ANALYSTS continue to harbour bullish outlook on the private residential market, following a 3.9 per cent increase in prices in Q1, but are keeping an eye on the pace of launches that may come onstream, given the huge supply pipeline.
They are, however, split on whether there is enough demand to soak up the impending supply boom.
An estimated 40,300 uncompleted units with planning approvals, excluding executive condominiums (ECs), were in the pipeline as of end-Q1. The figure was 36,029 in the previous quarter.
Of the 40,300, 23,514 remained unsold, up from 18,891 in the previous quarter. (see amendment note)
On top of that, URA said that there is a potential supply of 20,100 units, including ECs, from Government Land Sales (GLS) and awarded en bloc sites that have not been granted planning approval yet.
But many analysts say the market would likely be able to support the upcoming units.
Huttons Asia's Lee Sze Teck said: "Given the pent-up demand in the market in the past few years, it's likely that buyers will absorb the upcoming supply in the pipeline."
Colliers International's head of research in Singapore Tricia Song pointed to "easing supply" in the next few years: with another 7,931 units excluding ECs in the pipeline for completion in the rest of 2018, the figure is sharply down from the 16,449 units completed in 2017.
There are 8,060 units in the pipeline to be completed in 2019, and 3,330 in 2020.
She added that while there could be a potential glut ahead, it would take some time for new projects from the collective sales frenzy to even be launched for sale, let alone be completed.
But Nicholas Mak, executive director of ZACD Group, warned: "The market may not be able to absorb the supply, especially if the new projects are launched at higher prices."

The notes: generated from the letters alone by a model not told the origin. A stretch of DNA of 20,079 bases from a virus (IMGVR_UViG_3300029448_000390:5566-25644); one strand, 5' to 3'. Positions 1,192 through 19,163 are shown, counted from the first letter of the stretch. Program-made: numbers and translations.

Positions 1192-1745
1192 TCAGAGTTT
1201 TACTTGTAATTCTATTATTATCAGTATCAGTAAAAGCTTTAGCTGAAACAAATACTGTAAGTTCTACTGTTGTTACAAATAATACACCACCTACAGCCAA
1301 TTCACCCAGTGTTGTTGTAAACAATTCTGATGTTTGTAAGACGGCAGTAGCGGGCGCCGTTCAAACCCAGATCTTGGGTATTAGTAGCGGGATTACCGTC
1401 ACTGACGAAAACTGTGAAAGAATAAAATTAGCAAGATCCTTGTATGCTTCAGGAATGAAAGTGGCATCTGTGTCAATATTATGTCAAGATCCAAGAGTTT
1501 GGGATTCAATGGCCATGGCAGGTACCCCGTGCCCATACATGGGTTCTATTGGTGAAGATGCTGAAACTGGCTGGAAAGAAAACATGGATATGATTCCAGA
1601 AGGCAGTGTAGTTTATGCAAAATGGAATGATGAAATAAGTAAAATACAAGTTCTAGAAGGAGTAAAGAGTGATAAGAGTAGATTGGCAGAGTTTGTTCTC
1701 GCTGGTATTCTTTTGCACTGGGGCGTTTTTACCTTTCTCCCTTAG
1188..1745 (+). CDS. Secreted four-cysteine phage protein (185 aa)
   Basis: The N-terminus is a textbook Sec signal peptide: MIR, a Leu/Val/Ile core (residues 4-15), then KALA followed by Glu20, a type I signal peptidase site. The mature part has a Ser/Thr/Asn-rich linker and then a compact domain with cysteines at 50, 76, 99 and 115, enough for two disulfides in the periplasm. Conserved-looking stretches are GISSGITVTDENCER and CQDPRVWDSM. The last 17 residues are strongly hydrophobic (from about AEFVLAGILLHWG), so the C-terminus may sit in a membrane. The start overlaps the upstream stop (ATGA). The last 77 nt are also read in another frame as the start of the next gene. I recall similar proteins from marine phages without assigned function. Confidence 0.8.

He said higher prices might already have resulted in slower sales, observing that this quarter, developers launched 921 units excluding ECs, higher than the quarter ago's 877 units, but sold 1,581 such units compared to the quarter ago's 1,864.
Some analysts predicted double-digit growth for private home prices this year, after prices clocked a 3.9 per cent jump this quarter, beating the flash estimate of 3.1 per cent. This was the steepest quarter-on-quarter gain since Q2 2010, when the index gained 5.3 per cent.
Lee Nai Jia, head of research for Edmund Tie & Company (ET & Co), said: "The market is on the uptrend. The increase in price is supported by strong demand from buyers seeking replacement homes, and foreign home buyers."
Mr Lee of Huttons Asia said the en bloc boom has led to more property owners buying replacement homes, and for sellers to raise their asking prices.
Non-landed home prices led the way in Q1, with a 4.4 per cent increase, compared with the preceding quarter's 0.8 per cent rise. Landed properties rose by 1.9 per cent, compared with the quarter ago's 0.5 per cent increase.
By region, prices of non-landed homes in the Outside Central Region (OCR) suburban homes outperformed the rest by posting 5.6 per cent in gains, compared to the 0.8 per cent increase in the previous quarter.
JLL's national director for research and consultancy Ong Teck Hui said what helped was strong pricing in new projects with high transaction volumes, such as The Tapestry's median price of S$1,408 per sq ft (psf) and Parc Botannia at a median $1,283 psf.
"Developers also raised prices with confidence" in the Core Central Region (CCR), where prices rose 5.5 per cent over the previous quarter, said Ms Song of Colliers International.
Vacancy for the quarter fell by 0.4 percentage point to 7.4 per cent.
Dr Lee of ET & Co predicted the price index will rise by 8 to 12 per cent for the whole of 2018.
Others were more bullish. For instance, Mr Mak said prices could increase 10 to 17 per cent for the entire year, as developers face cost pressure from rising land prices for GLS residential land tenders and collective sales in the past year.
Meanwhile, Ms Song of Colliers International predicted private home prices to rise by 8 per cent for the full year.
"We think the increase is front-loaded due to the pent-up demand and buyers' fear of missing out on good-value buys as prices trend up," she said.
Amendment note: It was incorrectly mentioned in the fourth paragraph that ‘of the 40,300, 23,154 remained un-sold, up from 18,891 in the previous quarter’. The correct figure should be 23,514 instead.
Adapted from The Business Times, 28 Apr 2018.